Logo Euroceram Carte du réseau
Welcome pagePresentation of the regions participating in the networkPresentation of the ceramic industry in the regions participating in the networkSeminars calendarNewsletter on lineAddressesAsk questions to expertsAdministering SME's data
Wallonie    Centro    Nord-Pas de Calais    Limousin    Shannon    Tampere    Valencia
Find a company


New !!! 1st Master in technology of ceramic materials manufacturing.


The ceramic tile industry, centred in the province of Castellón, is the industry that generates the greatest wealth in the Valencia Region, according to a recent report by the Valencia Autonomous Government. The report indicates that the management and production model of the ceramic sector have given rise to steady growth, despite the problems that still need to be solved, such as the need to improve infrastructures or the problems relating to the liberalisation of the natural gas price. The latter is an important issue, because the ceramic branch is Spain’s largest natural gas consuming industry, and rising gas prices have meant significantly higher production costs for the sector.

According to ASCER, the Spanish Ceramic Tile Manufacturers’ Federation, sector turnover reached between 530,000 and 550,000 million pesetas in 2000. This meant a rise of 12% in tile sales, said ASCER Chairman Mr. Fernando Diago during the Cevisama 2001 Trade Show.

The glaze, frit and ceramic colour branch posted excellent results in 2000. According to ANFFECC, the Spanish Association of glaze, frit and ceramic colour producers, export sales rose by 14% compared with 1999, reaching a turnover of 62,645 million pesetas. Domestic sales rose 2.25% compared with the foregoing year, with a turnover of 58,178 million pesetas.

Producers of machinery and capital goods also registered a 20% growth in sales in 2000 compared with 1999.

Figures from IMPIVA (Valencia Institute for small and medium-sized enterprise) regarding the period from 1996 to 2000 reveal that small and medium-sized companies invested almost 30,000 million pesetas in enlarging and establishing businesses in the province of Castellón. 20,000 million pesetas went to enlarging existing facilities, and 9200 million to establishing and starting up businesses. The same source indicates that of this capital outlay, 21,000 million pesetas were invested in the ceramic sector, 2515 million in the chemical industry, 1504 million in the food industry, and 722 million in the furniture industry.


World tile production was estimated at 3815 million square metres in 1999, involving a rise of 4% compared with the foregoing year. Spanish production however focuses primarily on quality, rather than on number of metres produced. In 1999 Spain produced 602 million square metres tile, a rise of 6.7% compared with the foregoing year.

The Spanish ceramic floor and wall tile sector is made up of 240 companies, of which 185 are located in the province of Castellón. In terms of production, the companies in Castellón manufactured 93% of total Spanish tile production in 1999.

Almost 95% of the companies in the ceramic tile sector are SMEs (small and medium-sized enterprises, with fewer than 250 employees).

According to ASCER, domestic sales reached 216,000 million pesetas in 1999. Exports increased by almost 6% to 1578 million euros (262,636 million pesetas).

The largest Spanish tile export market was the European Union (mainly France, Portugal, United Kingdom and Germany), accounting for 44.4% of total Spanish tile export sales.

The second export region for Spanish tile is the United States, which is the top Spanish tile importing country. Spanish tile exports to the US grew by 18.9% and account for 11.6% of all Spanish tile exports. Canada, Mexico and the Middle East then follow at some distance.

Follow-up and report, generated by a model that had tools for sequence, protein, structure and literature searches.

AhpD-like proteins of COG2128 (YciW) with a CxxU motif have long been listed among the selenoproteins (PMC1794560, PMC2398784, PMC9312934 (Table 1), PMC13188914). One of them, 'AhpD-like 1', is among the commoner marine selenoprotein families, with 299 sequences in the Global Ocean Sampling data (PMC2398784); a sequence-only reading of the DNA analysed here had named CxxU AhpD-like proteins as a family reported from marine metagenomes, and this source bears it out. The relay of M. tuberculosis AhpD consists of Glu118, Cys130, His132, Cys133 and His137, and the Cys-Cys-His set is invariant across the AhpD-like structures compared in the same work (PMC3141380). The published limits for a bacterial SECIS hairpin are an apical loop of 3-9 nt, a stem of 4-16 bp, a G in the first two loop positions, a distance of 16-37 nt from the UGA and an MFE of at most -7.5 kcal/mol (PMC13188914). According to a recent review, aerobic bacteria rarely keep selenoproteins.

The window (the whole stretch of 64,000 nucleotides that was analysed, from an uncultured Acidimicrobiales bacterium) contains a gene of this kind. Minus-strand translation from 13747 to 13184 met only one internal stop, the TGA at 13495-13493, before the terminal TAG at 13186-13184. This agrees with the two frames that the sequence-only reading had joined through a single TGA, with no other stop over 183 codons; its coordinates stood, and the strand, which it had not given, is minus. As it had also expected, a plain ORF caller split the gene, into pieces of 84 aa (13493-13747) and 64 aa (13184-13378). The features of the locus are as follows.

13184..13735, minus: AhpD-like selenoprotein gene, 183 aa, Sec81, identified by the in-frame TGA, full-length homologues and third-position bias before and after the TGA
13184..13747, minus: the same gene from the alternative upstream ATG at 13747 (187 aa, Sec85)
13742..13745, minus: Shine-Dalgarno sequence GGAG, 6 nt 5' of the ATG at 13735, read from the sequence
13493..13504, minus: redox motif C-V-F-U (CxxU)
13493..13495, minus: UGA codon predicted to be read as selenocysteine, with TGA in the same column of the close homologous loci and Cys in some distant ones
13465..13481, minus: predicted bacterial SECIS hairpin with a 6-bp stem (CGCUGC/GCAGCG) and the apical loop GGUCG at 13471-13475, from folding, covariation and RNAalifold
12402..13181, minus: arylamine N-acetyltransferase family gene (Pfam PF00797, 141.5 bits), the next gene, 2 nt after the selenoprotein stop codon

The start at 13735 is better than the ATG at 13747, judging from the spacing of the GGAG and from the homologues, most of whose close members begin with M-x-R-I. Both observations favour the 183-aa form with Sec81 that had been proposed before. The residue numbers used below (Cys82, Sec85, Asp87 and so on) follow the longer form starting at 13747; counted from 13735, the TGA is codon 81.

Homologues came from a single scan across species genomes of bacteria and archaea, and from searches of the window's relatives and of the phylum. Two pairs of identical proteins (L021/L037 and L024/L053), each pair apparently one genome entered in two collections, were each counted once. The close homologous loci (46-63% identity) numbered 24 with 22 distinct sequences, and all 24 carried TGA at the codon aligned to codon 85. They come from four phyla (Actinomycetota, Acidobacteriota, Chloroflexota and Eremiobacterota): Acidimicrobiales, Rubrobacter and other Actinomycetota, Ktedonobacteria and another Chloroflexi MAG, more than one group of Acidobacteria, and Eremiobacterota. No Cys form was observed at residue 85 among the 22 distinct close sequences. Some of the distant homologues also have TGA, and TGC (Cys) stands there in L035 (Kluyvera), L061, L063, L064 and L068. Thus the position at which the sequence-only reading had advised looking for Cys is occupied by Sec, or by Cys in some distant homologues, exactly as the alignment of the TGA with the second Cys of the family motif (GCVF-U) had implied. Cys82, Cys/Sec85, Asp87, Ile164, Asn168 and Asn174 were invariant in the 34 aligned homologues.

Oceania is the fastest growing export market, with a rise of 22.2 %, though it only accounts for 1.6% of total Spanish tile exports.

With regard to tile imports into Spain, in 1999 these reached 38.7 million euros (6443 million pesetas), a rise of 17.9% compared with the foregoing year.

According to an economic study performed on a group of 21 of the most representative tile manufacturing companies, the sector is equipped to withstand a period of crisis, since it has the necessary autonomy to enable it to face times of recession, should they arise, owing to its high degree of technological development and reduced costs.

The studied group of companies accounts for 40% of total sector turnover.

Sources: Study conducted by KPMG auditors in 2001, funded by the Caja de Ahorros del Mediterráneo (CAM) and published in the journal Economía 3 (no. 107 March 2001).
ASCER (Spanish Ceramic Tile Manufacturers’ Federation).


The concerns of the Spanish ceramic sector essentially focus on:    

  • Improving production processes    
  • Product diversification    
  • Energy and environment    
  • Transport and infrastructures

    1.1 Improving production processes

    One of the distinguishing features of the Spanish ceramic technician is his continuous willingness to improve the production process and his readiness to incorporate the latest, optimisation-enabling technologies. Recent contributions to process optimisation have included:    

  • Spray-dryer automation    
  • Development of single-deck roller kilns for trials    
  • Improvement of porcelain tile polishing processes    
  • Development of end product sorting systems    
  • Harmonising raw materials control processes in frit and engobe production    
  • Development of water-based screen printing vehicles    
  • Reducing tile body weight

    1.2 Product diversification

    One of the issues of concern to Spanish tile manufacturers relates to the distinction between redware and whiteware products.

    Spain has traditionally produced redware ceramic tiles, as the available clays near the production centres contain iron. The term redware refers to the colour of the fired tile body, which distinguishes it from the so-called whiteware tiles, whose fired body has a white colour.

    Though whiteware products are more expensive, owing to the higher prices of the white-firing clays, they are widely found in the European markets with the highest purchasing power (Germany, United Kingdom, France, etc.), where there is intense competition between redware products, mainly produced by Spain, and whiteware products, mainly produced by Italy.